Today marks the 53rd anniversary of that famous flight that Neil Armstrong, Buzz Aldrin and Michael Collins took to the Sea of Tranquility. I wrote a bit some time ago of where I was that day – in the back country of Sequoia National Park, flown in by helicopter, and clearing the trails of fallen trees. That evening, I was in my sleeping bag, looking up at the moon through these massive redwoods. I had a little 6 transistor radio, and was listening to the scratchy station in the Central Valley that it was pulling in. To hear Armstrong’s voice and looking up at the moon through those redwoods, filled me with wonder and awe.
I’m in a Facebook group that I have come to learn is filled with a lot of “movers and shakers” of NASA, past and present.
I posed the question, “where were you on that historical day?”
I’m reposting a few of their (anonymous) answers.
“I was flying a combat mission during the Vietnam War. Listened to the lunar landing on one of our radios that was broadcasting Voice of America. Back on the ground at the O-Club to watch Neil come down the ladder. A never to be forgotten sense of pride in being an American.”
“I was ten. My sister 13. We were sitting on the couch under the window air conditioner, covered in a blanket because we were cold as we watched on the black and white console tv. Somewhere before the landing I was annoying my sister who called for mom. She was on the phone with someone, and the cord wouldn’t reach us (thank goodness for corded phones!). So she threw a shoe at me to get me to stop. And the Eagle has landed! 😉 “
“It was first day of 2 weeks at Boy Scout camp with no TV. …That night in the tent, I listened to first half of moon walk on my transistor radio until the battery died.”
“I was 9. Four days earlier, we’d been to the Cape to watch the launch. Now I was trying to stay awake for the first step. I can’t remember if I actually saw it live: I was dozing in and out.”
“I was a 16 year old space nerd. We had gone to my 5th grade teacher’s house (who was my mother’s best friend) to watch the moonwalk. I was absolutely transfixed by what I was seeing…humans were walking on the moon (and I knew better than to say “I wish I was up there”). After the walk was completed, I got my telescope out to see if I could find the LM. No luck but it was worth the try.”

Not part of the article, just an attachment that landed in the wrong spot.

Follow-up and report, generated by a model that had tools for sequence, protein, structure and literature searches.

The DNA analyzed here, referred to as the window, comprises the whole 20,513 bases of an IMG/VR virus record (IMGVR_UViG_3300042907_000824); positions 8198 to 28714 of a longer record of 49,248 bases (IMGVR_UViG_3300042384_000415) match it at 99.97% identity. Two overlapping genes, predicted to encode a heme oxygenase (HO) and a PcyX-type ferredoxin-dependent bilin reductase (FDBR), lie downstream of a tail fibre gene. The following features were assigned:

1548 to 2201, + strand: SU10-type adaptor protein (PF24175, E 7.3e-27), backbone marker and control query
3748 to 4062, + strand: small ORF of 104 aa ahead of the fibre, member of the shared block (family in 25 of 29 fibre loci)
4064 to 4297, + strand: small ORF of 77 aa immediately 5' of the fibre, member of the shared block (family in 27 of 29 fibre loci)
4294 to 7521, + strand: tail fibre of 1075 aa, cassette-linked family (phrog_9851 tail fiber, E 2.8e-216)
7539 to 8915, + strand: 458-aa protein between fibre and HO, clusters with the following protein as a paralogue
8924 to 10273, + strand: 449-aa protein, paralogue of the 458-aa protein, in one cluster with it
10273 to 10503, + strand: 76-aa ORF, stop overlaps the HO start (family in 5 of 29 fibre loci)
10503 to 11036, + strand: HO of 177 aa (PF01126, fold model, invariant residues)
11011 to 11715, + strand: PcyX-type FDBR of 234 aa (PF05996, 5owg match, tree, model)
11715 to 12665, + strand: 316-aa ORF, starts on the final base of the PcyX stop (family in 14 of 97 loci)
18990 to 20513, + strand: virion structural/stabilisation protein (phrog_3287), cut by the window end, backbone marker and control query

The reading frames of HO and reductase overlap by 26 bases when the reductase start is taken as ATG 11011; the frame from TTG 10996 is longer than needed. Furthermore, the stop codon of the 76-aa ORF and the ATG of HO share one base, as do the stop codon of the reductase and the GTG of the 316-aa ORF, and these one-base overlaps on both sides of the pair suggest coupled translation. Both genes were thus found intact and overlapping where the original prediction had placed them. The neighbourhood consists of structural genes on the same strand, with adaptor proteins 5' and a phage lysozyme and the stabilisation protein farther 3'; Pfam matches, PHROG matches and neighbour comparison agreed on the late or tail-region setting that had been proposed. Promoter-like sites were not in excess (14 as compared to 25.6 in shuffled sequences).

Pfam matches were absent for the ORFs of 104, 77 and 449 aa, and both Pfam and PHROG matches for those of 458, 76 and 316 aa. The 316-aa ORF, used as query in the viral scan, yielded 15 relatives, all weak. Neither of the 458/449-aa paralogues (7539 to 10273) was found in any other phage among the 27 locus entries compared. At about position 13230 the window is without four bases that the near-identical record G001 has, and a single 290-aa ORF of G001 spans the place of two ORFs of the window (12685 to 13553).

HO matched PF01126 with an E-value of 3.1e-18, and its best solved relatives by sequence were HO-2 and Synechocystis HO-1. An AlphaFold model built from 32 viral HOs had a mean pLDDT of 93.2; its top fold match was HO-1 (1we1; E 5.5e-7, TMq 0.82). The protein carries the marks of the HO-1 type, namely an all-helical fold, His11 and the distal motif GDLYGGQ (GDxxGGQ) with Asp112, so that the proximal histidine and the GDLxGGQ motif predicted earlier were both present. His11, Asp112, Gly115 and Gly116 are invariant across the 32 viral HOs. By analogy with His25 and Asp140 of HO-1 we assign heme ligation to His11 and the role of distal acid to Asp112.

“Our family had recently moved into a brand-new townhome in the Denver suburbs. That was the day the patio was poured, and I was allowed to carefully write the date and a little drawing of the moon in the fresh concrete.”
Posted by asm826 on October 24, 2006
Tom and Bill came out of the doorway as Gunny Ceisak and Sgt. Collins walked by. They waved and the Gunny stopped. Bill grinned, “How about a beer, Gunny?”
Gunny motioned up the street, “Alright, but let’s find a quieter place. I’ll buy the first round.”
“Good deal, we’ve had all the noise we need.”
Posted by asm826 on September 27, 2006
To those of you who have been taking the time to read my words, I apologize. I have made several starts at the last evening I had with Emie. I have found that thus far it has resisted my ability to write it for Lex’s site. It was an interesting evening, and it ended on the bridge, with her riding down in a jeepney to walk with me to the gate.
Posted by asm826 on October 21, 2006
Crossing the bridge, Bill and Tom stopped and looked up river. The water swirled around the bridge supports. The level was several feet higher than the day before. The smell was muted, the flushing effect of the increased flow had carried the floating islands of waste out into the bay.
“I still wouldn’t swim in it.”
“Oh, c’mon. It’s your last chance.”
Posted by asm826 on October 7, 2006
The pilot stepped into the terminal and came over to the windows where they stood. His flight suit was soaked and small puddles started to form as the water dripped off the legs of his pants.
“Who’s in charge?”
“I am, sir. Gunnery Sergeant Ceisak.”
Posted by asm826 on Wednesday, October 4, 2006
Tom shouldered the door open and walked into the Cubi Point terminal with his seabag slung up on his shoulder. Outside the main windows, a C-130 sat with one engine turning. A quick survey of the Marines gathered told Tom a lot about how the last night had gone for most of them.
Posted by asm826 on September 14, 2006
The roar of the last Phantom taking off faded out as the aircraft disappeared into the dark clouds that hung over the mountains in the distance. The flightline was empty. The fourteen members of the rear party walked back into the hanger.
Posted by asm826 on August 25, 2006
Emie sat down at a glass topped table near the door of the shop. Tom and Bill joined her. The air conditioner over the door hummed and clicked, but it worked, pouring a stream of cool air into the ice cream shop.
Apparently we’ve been 2 days off.
On July 2, 1776, the Second Continental Congress unanimously adopted a resolution stating “That these United Colonies are, and, of right, ought to be, Free and Independent States.” Two days later, after further debate, it approved the Declaration of Independence, the document that, over time, brought eternal fame to its main author, Thomas Jefferson.